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Human Brain Mapping

Publication date: 2009-12
Volume: 30 Pages: 3970 - 80
ISSN: 1065-9471, 1097-0193 PMID: 19449333
DOI: 10.1002/hbm.20822
Publisher: Wiley-Liss

Author:

Raemaekers, Mathijs
Lankheet, Martin JM ; Moorman, Sanne ; Kourtzi, Zoe ; van Wezel, Richard JA

Keywords:

Anisotropy, Brain Mapping, Humans, Magnetic Resonance Imaging, Motion Perception, Visual Cortex, Science & Technology, Life Sciences & Biomedicine, Neurosciences, Neuroimaging, Radiology, Nuclear Medicine & Medical Imaging, Neurosciences & Neurology, fMRI, motion, vision, visual motion, MT, occipital, HUMAN VISUAL-CORTEX, HUMAN BRAIN, FUNCTIONAL ARCHITECTURE, SPATIAL ATTENTION, AREA MT, FIELD, SENSITIVITY, NEURONS, MACAQUE, BIAS, Experimental Psychology, 1109 Neurosciences, 1702 Cognitive Sciences

Abstract:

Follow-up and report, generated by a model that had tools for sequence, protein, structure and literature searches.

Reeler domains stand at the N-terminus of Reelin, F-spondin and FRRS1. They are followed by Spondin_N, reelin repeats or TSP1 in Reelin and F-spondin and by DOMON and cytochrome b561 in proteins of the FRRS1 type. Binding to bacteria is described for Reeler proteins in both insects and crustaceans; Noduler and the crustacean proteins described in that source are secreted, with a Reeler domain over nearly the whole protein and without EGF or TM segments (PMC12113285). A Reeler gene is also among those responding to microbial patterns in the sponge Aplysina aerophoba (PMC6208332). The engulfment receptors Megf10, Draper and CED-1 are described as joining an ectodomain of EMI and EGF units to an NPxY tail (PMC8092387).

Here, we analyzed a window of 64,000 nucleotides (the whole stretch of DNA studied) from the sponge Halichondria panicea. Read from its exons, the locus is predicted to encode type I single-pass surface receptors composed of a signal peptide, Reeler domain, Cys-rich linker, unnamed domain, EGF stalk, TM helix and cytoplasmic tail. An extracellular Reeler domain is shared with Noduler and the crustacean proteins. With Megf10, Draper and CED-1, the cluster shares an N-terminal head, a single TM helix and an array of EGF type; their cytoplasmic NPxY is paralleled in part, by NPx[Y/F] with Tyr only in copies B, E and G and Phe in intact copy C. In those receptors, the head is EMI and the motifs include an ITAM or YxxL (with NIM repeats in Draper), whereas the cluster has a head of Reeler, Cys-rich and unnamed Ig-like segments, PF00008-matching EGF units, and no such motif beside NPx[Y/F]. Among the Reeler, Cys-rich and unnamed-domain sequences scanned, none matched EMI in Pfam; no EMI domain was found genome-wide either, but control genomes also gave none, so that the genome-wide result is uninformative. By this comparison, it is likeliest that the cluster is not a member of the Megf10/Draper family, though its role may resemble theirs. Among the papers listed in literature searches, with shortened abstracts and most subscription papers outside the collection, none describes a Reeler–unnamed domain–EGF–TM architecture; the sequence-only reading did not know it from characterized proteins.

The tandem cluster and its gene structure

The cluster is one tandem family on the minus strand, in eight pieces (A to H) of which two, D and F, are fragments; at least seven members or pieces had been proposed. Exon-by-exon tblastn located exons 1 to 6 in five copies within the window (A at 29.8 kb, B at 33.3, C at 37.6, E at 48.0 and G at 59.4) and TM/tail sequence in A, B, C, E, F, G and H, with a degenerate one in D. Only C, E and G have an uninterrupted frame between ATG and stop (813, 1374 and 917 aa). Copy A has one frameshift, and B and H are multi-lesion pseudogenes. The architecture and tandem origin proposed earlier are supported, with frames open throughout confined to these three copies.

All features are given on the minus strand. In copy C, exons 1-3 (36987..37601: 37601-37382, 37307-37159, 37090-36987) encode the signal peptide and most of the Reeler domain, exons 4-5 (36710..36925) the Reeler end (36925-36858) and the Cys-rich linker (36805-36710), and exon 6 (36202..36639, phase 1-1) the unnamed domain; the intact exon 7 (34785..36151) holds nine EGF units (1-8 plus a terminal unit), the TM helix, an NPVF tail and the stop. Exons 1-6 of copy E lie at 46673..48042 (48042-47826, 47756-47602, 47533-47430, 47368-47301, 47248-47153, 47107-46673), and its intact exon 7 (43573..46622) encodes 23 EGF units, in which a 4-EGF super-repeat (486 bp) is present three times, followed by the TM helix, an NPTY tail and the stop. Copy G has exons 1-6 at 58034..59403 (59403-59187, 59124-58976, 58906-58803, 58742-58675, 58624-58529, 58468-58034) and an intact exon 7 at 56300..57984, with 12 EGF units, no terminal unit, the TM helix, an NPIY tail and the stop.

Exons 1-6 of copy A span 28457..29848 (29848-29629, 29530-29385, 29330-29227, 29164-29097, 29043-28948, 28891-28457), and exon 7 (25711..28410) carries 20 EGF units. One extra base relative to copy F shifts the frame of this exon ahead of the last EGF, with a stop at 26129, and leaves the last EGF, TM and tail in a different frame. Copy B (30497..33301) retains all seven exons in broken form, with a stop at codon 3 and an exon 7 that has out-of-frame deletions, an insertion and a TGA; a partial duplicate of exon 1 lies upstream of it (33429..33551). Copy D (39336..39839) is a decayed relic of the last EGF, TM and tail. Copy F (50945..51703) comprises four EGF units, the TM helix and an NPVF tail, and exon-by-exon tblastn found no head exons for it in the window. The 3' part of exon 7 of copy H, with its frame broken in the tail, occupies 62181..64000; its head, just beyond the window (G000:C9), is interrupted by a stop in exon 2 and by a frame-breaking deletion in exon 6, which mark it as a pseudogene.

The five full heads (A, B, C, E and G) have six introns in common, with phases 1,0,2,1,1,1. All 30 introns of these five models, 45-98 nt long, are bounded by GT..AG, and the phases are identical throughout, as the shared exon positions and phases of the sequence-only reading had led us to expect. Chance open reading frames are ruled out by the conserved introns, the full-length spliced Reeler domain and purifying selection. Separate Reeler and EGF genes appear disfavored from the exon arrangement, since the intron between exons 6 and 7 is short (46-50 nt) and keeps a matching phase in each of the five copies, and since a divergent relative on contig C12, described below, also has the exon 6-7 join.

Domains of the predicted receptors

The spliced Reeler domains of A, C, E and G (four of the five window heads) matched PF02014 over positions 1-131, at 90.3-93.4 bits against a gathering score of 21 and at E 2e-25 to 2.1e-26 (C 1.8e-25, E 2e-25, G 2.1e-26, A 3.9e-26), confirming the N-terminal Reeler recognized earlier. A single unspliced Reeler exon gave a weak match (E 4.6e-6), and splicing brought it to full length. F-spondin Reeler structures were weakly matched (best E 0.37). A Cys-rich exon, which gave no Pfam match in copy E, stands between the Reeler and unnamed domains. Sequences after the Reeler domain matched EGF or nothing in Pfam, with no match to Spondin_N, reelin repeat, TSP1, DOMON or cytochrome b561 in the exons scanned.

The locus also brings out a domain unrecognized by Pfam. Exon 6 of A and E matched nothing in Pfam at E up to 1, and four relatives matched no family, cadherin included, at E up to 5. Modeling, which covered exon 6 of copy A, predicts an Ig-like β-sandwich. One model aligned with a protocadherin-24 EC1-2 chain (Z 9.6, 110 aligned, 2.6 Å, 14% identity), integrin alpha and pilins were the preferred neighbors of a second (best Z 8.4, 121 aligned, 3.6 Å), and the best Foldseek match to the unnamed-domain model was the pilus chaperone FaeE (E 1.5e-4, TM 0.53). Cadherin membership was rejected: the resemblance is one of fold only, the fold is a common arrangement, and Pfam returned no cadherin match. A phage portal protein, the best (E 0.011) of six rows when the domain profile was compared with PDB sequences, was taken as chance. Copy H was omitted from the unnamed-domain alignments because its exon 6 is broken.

Recently, evidence has emerged for a radial orientation bias in early visual cortex. These results predict that in early visual cortex a tangential bias should be present for motion direction. We tested this prediction in a human imaging study, using a translating random dot pattern that slowly rotated its motion direction 360 degrees in cycles of 54 s. In addition, polar angle and eccentricity mapping were performed. This allowed the measurement of the BOLD response across the visual representations of the different retinotopic areas. We found that, in V1, V2, and V3, BOLD responses were consistently enhanced for centrifugal and centripetal motion, relative to tangential motion. The relative magnitude of the centrifugal and centripetal response biases changed with visual eccentricity. We found no motion direction biases in MT+. These results are in line with previously observed anisotropies in motion sensitivity across the visual field. However, the observation of radial motion biases in early visual cortex is surprising considering the evidence for a radial orientation bias. An additional experiment was performed to resolve this apparent conflict in results. The additional experiment revealed that the observed motion direction biases most likely originate from anisotropies in long range horizontal connections within visual cortex.